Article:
William Greenway Reflects on Restoring Creation for Ecology and Justice

The following post is appearing as part of the series “Reflecting on Restoring Creation for Ecology and Justice.”  In 1990 the 202nd General Assembly approved Restoring Creation for Ecology and Justice, which affirms that God calls the Presbyterian Church (U.S.A.) to care for the earth and work for justice for all of creation, human and non-human.  On the 20th anniversary of the policy several people active in eco-justice ministries are sharing their reflections on the policy.

By William Greenway

It was January, 1999, and I was innocently enjoying some coffee during a break at an alumni event at Austin Presbyterian Theological Seminary, where I had recently begun teaching, when Bill Knox, a charter member of the then Presbyterians for Restoring Creation, now Presbyterians for Earth Care (PEC), corralled me.

Let me pause to explain that PEC was formed in order to translate the concerns of the Restoring Creation for Ecology and Justicereport, approved by the 202nd General Assembly of the PC(USA) into the active life, witness and ministry of the church.  On this its 20th anniversary, it is obvious that the Restoring Creation report was stunningly prescient.  The PC(USA) should take due pride in the fact that already in 1990 it was publically engaging vital environmental concerns.

At any rate, I remember no formalities.  “What are you all here at the Seminary doing about environmental issues?” Bill quizzed me in no uncertain manner.  Fortunately for me, I had just established two new courses.  First, Nature, Theology, and Ethics, the first course at Austin Seminary focused specifically upon creation care and love of all creatures.  Second, An Adventure in Wilderness and Spirituality, an explicitly spiritual, Outward Bound-style, experiential course that tries to connect students to creation through extended sojourn and reflection in the wilderness (a pretty standard biblical idea).

Bill seemed impressed, but he was not thrown in the least.  “Well then,” he said, “why don’t you come and be our preacher at the conference.”  The next month I was a conference preacher at PEC’s second biennial conference, “Living Waters:  Streams of Faith,” at St. Simon’s Island.  By the end of the conference, I was signed up to be a Regional Representative.  A few years after that I served a term as Vice-Moderator, helped to plan and served as a plenary speaker at PEC’s tenth anniversary conference, “Sharing the Waters of Life” at Lake George, and later led a workshop at the 2007, “Earth Sabbath, Earth Justice” conference at Mo-Ranch.

Life intruded, and I had to step back from my leadership role with PEC, but for those years, thanks to the persistence of Bill Knox and others who used the Restoring Creationreport as a springboard for founding PEC, I was instructed and empowered by a group of wonderful leaders and activists.  In short, it was through PEC that the Restoring Creation report became for me a tangible and inspiring reality.

Like many, no doubt, and most especially in those early years, when one could still be laughed at for being concerned about issues like global climate change, I felt like a too-small and isolated voice.  But through PEC, I realized that there were a lot of us small and isolated voices out there, and that put together we could begin to make a real and significant difference in what was happening to our earth and to our bodies (at some point, perhaps fast approaching, those voices will reach critical mass, effecting a fundamental political shift in public perception and policy).  It was also through PEC that I became aware of the significant work of Bill Somplatsky-Jarman at the Mission Responsibility Through Investment and the Environmental Justice desks of the PC(USA).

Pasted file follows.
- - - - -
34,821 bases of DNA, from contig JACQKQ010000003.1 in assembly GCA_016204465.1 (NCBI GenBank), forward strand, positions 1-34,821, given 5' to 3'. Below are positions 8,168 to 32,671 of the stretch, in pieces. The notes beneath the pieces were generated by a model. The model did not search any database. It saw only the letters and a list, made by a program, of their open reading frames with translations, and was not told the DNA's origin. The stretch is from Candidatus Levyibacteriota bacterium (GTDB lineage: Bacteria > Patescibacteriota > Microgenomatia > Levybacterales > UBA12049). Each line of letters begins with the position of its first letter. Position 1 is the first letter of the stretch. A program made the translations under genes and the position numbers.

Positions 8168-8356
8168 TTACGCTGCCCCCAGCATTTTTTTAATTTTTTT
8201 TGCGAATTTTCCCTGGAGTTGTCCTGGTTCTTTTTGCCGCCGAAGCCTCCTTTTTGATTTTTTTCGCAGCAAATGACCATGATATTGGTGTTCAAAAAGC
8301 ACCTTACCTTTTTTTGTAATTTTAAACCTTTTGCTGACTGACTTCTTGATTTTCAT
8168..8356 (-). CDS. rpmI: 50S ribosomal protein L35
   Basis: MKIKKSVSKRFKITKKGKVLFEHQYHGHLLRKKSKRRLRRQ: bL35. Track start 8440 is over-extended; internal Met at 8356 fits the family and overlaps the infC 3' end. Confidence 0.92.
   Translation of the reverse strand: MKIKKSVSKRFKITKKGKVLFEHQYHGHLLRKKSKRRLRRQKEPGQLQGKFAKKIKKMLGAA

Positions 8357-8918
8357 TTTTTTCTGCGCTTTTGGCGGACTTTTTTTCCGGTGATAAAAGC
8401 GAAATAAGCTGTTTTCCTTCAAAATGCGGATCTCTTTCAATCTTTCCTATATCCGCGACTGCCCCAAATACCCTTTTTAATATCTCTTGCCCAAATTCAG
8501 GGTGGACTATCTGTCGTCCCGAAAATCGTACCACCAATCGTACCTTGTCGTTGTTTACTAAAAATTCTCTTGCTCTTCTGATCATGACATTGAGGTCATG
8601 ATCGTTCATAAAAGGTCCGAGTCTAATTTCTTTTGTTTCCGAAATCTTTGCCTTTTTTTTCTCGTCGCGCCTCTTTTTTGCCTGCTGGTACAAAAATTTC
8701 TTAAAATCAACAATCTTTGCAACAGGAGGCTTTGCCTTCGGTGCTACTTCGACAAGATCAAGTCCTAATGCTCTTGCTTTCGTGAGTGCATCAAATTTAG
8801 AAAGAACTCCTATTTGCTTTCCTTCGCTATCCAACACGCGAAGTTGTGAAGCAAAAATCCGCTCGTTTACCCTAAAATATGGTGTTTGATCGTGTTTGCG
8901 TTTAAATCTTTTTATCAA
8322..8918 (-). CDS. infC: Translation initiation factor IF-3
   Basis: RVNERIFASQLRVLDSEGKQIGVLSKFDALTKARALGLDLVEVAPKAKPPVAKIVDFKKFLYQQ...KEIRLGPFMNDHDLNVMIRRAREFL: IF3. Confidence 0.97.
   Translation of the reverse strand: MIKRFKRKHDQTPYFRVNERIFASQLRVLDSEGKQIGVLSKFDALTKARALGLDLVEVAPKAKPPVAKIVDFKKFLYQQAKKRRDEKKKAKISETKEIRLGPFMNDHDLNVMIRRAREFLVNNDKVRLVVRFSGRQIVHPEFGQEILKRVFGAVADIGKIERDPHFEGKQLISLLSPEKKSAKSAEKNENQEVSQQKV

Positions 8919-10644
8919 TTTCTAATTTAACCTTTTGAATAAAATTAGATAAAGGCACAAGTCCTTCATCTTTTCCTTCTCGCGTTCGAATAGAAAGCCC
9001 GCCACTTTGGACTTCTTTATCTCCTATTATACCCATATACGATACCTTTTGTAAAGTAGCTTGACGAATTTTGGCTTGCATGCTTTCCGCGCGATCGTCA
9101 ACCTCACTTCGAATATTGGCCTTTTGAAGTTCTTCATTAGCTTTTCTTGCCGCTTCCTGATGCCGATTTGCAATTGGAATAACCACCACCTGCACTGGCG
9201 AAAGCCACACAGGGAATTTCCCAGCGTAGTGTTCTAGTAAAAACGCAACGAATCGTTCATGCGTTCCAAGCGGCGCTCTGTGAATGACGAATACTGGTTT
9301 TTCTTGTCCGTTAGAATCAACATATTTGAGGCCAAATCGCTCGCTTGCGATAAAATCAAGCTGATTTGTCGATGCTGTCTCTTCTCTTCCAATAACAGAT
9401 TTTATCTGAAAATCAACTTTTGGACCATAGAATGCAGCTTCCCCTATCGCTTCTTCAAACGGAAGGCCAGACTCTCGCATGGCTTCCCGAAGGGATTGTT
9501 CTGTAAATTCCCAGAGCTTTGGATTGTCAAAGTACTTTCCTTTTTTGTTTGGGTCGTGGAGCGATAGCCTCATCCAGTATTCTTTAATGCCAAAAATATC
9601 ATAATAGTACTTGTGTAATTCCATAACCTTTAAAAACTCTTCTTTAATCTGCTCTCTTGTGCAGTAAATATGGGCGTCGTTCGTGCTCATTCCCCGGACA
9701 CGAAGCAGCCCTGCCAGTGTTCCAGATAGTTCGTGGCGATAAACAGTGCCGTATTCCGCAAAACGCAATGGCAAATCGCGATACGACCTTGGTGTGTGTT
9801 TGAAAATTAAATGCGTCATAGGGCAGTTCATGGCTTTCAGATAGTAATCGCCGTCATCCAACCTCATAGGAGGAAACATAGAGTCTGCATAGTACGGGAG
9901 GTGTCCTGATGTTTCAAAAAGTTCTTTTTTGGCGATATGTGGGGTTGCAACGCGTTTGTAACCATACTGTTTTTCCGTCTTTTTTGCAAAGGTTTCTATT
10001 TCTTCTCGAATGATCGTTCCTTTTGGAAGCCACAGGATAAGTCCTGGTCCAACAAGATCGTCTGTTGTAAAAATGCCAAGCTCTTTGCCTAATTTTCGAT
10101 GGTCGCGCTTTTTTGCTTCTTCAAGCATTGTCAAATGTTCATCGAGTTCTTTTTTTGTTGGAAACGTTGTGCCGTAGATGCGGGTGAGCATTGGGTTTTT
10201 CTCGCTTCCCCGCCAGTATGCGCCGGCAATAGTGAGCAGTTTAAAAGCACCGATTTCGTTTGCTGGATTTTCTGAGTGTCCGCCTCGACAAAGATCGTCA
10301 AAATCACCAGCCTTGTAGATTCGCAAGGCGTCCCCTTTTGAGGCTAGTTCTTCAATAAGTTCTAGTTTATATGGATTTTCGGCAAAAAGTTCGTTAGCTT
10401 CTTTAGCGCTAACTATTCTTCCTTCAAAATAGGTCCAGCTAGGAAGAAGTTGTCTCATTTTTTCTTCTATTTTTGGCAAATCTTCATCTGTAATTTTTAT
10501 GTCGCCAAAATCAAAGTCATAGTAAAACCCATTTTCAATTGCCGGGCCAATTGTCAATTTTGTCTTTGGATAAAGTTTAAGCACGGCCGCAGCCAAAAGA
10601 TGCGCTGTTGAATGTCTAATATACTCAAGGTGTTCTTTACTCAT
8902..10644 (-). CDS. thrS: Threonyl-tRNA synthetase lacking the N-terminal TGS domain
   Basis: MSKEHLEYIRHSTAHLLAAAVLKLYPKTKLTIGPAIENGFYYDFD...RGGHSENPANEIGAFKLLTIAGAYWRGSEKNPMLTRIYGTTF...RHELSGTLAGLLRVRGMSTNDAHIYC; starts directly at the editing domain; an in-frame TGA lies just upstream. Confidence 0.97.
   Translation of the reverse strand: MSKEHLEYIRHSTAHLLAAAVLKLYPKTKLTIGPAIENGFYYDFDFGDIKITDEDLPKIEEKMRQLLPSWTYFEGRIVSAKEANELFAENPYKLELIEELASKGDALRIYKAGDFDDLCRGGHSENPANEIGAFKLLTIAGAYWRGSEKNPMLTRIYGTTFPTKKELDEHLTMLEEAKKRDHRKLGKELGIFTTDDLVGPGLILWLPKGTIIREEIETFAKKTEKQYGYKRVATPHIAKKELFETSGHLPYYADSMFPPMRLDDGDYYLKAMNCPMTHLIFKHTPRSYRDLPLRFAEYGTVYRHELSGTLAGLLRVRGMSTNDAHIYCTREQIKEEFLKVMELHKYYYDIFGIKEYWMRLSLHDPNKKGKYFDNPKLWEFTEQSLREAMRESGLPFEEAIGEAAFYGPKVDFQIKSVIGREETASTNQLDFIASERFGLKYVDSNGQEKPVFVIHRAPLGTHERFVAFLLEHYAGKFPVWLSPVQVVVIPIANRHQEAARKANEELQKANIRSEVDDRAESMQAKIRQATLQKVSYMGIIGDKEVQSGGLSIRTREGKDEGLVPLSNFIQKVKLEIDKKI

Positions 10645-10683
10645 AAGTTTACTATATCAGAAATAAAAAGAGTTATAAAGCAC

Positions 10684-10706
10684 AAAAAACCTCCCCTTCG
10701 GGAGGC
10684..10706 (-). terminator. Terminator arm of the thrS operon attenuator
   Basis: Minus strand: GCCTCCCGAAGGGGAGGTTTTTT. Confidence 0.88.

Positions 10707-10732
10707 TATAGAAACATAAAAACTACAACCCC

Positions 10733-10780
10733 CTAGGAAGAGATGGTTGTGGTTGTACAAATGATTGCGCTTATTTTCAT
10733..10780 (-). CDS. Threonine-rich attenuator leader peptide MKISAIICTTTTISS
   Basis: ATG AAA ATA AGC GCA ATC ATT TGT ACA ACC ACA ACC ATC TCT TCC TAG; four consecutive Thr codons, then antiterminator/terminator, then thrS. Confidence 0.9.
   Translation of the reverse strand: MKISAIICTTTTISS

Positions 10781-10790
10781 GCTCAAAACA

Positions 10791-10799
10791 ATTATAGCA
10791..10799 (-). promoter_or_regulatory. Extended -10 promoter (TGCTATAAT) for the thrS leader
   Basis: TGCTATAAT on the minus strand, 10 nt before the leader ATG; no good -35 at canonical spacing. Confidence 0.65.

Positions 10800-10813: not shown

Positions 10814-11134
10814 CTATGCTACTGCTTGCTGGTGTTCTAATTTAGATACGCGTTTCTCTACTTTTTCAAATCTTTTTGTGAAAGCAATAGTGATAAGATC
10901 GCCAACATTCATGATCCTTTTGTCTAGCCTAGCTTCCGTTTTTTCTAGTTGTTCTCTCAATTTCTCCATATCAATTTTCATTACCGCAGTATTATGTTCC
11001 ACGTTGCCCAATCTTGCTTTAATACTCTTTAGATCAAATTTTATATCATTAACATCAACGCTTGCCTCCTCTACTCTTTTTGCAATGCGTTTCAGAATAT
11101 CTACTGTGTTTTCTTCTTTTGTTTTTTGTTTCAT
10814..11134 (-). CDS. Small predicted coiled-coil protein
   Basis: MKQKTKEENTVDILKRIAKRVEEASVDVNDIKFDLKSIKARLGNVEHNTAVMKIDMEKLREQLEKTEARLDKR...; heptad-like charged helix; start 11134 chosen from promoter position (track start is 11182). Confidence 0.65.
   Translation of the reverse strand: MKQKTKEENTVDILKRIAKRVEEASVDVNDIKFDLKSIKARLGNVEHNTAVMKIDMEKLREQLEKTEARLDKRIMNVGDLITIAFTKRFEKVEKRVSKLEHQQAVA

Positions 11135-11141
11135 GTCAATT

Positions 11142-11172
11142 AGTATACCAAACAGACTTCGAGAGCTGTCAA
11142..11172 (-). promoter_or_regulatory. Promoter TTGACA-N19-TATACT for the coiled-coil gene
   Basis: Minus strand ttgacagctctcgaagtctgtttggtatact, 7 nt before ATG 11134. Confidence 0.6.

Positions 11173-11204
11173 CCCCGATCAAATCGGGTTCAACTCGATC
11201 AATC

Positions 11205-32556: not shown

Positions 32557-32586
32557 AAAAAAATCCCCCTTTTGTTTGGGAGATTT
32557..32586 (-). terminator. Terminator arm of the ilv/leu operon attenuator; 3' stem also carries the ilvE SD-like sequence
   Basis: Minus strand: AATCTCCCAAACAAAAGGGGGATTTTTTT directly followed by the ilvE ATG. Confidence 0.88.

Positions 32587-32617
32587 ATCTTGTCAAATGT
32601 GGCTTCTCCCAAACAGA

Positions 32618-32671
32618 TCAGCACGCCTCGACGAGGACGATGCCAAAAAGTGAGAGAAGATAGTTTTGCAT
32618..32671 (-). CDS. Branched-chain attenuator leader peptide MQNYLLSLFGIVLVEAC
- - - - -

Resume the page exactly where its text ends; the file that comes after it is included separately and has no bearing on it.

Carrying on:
I continue trying faithfully to do my small part – teaching, writing, consulting – for creation and creature care.  The challenge can feel overwhelming, but we are called to the struggle.  And amidst that struggle the hope and comfort that comes from knowing that one is part of a larger committed community of action and hope is inestimable.  I am proud to be a part of a church that, seeing the future all too clearly, affirmed the Restoring Creation for Ecology and Justicereport way back in 1990.  And I have benefited immensely from the many wonderful people of PEC, people who became for me the living and loving voice and hands of that Restoring Creation report.

Today, with an environmental disaster unfolding in the Gulf, reason for concern over corporate responsibility and ecological justice has never been more obvious.  As those versed in the issues are well aware, a host of environmental challenges, some truly frightening, are upon us.  The most important days for following through on the Restoring Creation for Ecology and Justice report lie in front of us.  Thanks in large part to the Restoring Creationreport, we have experienced leaders like Bill Somplatsky-Jarman and mature organizations like Presbyterians for Earth Care to work with and for us as we struggle to turn God’s passion for the flourishing of all creatures and all creation into an earthly reality.

William Greenway serves as Associate Professor of Philosophical Theology at Austin Presbyterian Theological Seminary.  He is an elder at University Presbyterian Church in Austin.

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